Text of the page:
It may show its age, but Shining Force still shines.
Shining Force is considered by many to be one of the quintessential RPGs that helped establish the genre on consoles. The game originally appeared on the Sega Genesis back in 1993 and has been a fan favorite ever since. It’s been re-released on a number of different systems over the past couple of years, with the most recent version coming to the iPhone.
Sega’s been on a roll lately with its iPhone ports of popular Genesis games. For those of us who are members of the 16-Bit Generation, these re-releases are twice the fun because they’re not only great titles, but most of us have some fairly nostalgic memories about first playing them when we first grew up. Thankfully, Shining Force is even more enjoyable than before, since the translation work is far better than it was in the 1990s.
The story goes something like this: 1000 years ago, an evil force was banished from the land of Rune. Even though everyone in the kingdom was warned that there’d be a rematch on the millennial anniversary, they stopped caring. Or forgot about it. That part isn’t entirely clear. A silent protagonist named Max is sent out on a mission to prevent the forces of darkness from bringing worse things into the world. Along the way, Max recruits a number of allies into the Shining Force.
The rather basic storyline hasn’t really been improved since it first appeared during the game’s Genesis days. That said, it might be basic, but it’s not bad. What really makes Shining Force stand out amongst other RPGs is its rather challenging battle system.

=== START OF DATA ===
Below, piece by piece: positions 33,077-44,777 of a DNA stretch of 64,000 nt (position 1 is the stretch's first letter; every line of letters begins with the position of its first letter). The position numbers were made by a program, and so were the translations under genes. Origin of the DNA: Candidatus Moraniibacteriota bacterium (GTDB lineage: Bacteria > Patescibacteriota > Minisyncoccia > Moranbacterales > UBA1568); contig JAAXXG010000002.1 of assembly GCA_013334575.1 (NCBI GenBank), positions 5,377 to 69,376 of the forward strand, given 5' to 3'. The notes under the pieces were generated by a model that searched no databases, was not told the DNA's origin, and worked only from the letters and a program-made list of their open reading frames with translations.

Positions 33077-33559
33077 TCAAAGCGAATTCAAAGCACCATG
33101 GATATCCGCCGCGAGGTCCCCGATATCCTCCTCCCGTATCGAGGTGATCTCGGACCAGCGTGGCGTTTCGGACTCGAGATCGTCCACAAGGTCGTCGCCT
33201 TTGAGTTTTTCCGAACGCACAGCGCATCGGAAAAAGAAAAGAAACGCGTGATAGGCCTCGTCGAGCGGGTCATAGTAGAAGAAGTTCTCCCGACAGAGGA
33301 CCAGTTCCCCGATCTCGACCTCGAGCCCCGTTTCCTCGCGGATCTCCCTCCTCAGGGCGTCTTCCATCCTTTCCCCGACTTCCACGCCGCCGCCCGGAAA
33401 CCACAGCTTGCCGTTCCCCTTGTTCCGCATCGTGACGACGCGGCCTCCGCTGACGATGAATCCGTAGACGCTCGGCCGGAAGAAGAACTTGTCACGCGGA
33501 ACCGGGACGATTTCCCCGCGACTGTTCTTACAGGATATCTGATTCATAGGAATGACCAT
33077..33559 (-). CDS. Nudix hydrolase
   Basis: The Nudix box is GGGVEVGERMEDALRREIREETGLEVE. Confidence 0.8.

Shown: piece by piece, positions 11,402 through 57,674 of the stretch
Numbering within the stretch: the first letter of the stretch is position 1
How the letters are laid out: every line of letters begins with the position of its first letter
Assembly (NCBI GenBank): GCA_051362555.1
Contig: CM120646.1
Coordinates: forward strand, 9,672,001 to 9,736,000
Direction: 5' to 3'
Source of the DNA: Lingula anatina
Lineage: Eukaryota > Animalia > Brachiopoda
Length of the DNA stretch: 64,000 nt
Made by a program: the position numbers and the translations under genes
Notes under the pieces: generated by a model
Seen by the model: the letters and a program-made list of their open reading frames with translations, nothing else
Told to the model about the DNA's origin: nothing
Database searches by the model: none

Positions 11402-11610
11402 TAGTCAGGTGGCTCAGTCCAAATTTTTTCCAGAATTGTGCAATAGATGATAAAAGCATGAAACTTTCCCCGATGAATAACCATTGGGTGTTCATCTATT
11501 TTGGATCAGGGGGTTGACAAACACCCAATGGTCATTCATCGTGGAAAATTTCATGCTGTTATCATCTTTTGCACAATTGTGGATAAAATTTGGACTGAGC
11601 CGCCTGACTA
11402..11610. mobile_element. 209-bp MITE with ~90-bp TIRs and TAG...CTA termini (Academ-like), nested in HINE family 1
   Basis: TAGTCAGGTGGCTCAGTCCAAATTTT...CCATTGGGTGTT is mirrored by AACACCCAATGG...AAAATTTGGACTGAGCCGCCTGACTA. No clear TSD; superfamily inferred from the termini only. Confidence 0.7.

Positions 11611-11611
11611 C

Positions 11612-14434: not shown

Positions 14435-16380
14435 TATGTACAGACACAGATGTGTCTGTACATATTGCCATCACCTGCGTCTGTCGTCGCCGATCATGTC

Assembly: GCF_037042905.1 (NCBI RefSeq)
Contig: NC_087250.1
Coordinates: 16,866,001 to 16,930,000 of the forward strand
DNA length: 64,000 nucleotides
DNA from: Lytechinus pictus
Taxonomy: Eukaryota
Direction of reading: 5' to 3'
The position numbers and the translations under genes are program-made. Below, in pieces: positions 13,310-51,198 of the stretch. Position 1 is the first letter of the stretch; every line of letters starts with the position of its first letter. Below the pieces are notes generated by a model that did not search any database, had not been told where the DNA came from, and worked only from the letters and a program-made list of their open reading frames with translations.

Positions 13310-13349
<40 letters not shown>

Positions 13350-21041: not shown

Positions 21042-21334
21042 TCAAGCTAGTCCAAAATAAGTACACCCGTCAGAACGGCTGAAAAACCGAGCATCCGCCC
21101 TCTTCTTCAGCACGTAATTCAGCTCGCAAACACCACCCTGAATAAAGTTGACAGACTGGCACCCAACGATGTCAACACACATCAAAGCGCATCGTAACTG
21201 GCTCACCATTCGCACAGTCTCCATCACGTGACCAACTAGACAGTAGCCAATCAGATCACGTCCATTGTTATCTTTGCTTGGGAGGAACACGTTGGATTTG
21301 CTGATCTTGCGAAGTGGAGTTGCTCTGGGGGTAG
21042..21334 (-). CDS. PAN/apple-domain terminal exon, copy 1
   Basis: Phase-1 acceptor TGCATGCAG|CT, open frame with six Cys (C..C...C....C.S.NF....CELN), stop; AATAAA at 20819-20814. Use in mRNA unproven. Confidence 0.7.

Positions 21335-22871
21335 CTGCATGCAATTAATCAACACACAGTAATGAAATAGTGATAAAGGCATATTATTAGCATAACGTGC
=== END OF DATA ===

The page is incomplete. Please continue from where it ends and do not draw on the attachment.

Battles take place on grids that require a lot of strategy. Units can travel a certain distance determined by their Move ability, and they can perform one action per round. However, placing these party members in just the right spot is often crucial for victory (especially ranged characters whose health levels aren’t nearly as high as other teammates).
The battles are frequently tough, often unforgiving in their difficulty. As a result they tend to last quite some time when you get further into the game. Accordingly, it takes some time to get through the adventure (I’m currently about twenty hours in and have no end in sight).
Shining Force on the iPhone is an incredibly faithful port of the original game. Controls are pretty basic, with a small directional pad used to control movement and two buttons handling actions. That said, they work flawlessly and happen to be very easy to learn.
On top of all this, the production values are pretty much the same that first appeared on consoles back in the 90s. The graphics are simple, with top-down maps to navigate and cartoony portraits popping up when you have to talk to someone. The visuals don’t look too amazing, but fans of the original game will undoubtedly get a thrill from seeing them in action. It’s the same story with the fantasy fare music: it’s there, it gets the job done, but it’s not going to wow anyone who wasn’t already a fan.
Shining Force is a great RPG for people who love the genre. While its old-school charm might not be for everyone, there is still a lot to love here. This is a deep, challenging (sometimes maddening), and ultimately rewarding game, but it’s probably not going to hold a lot of appeal for the more casual RPG gamer.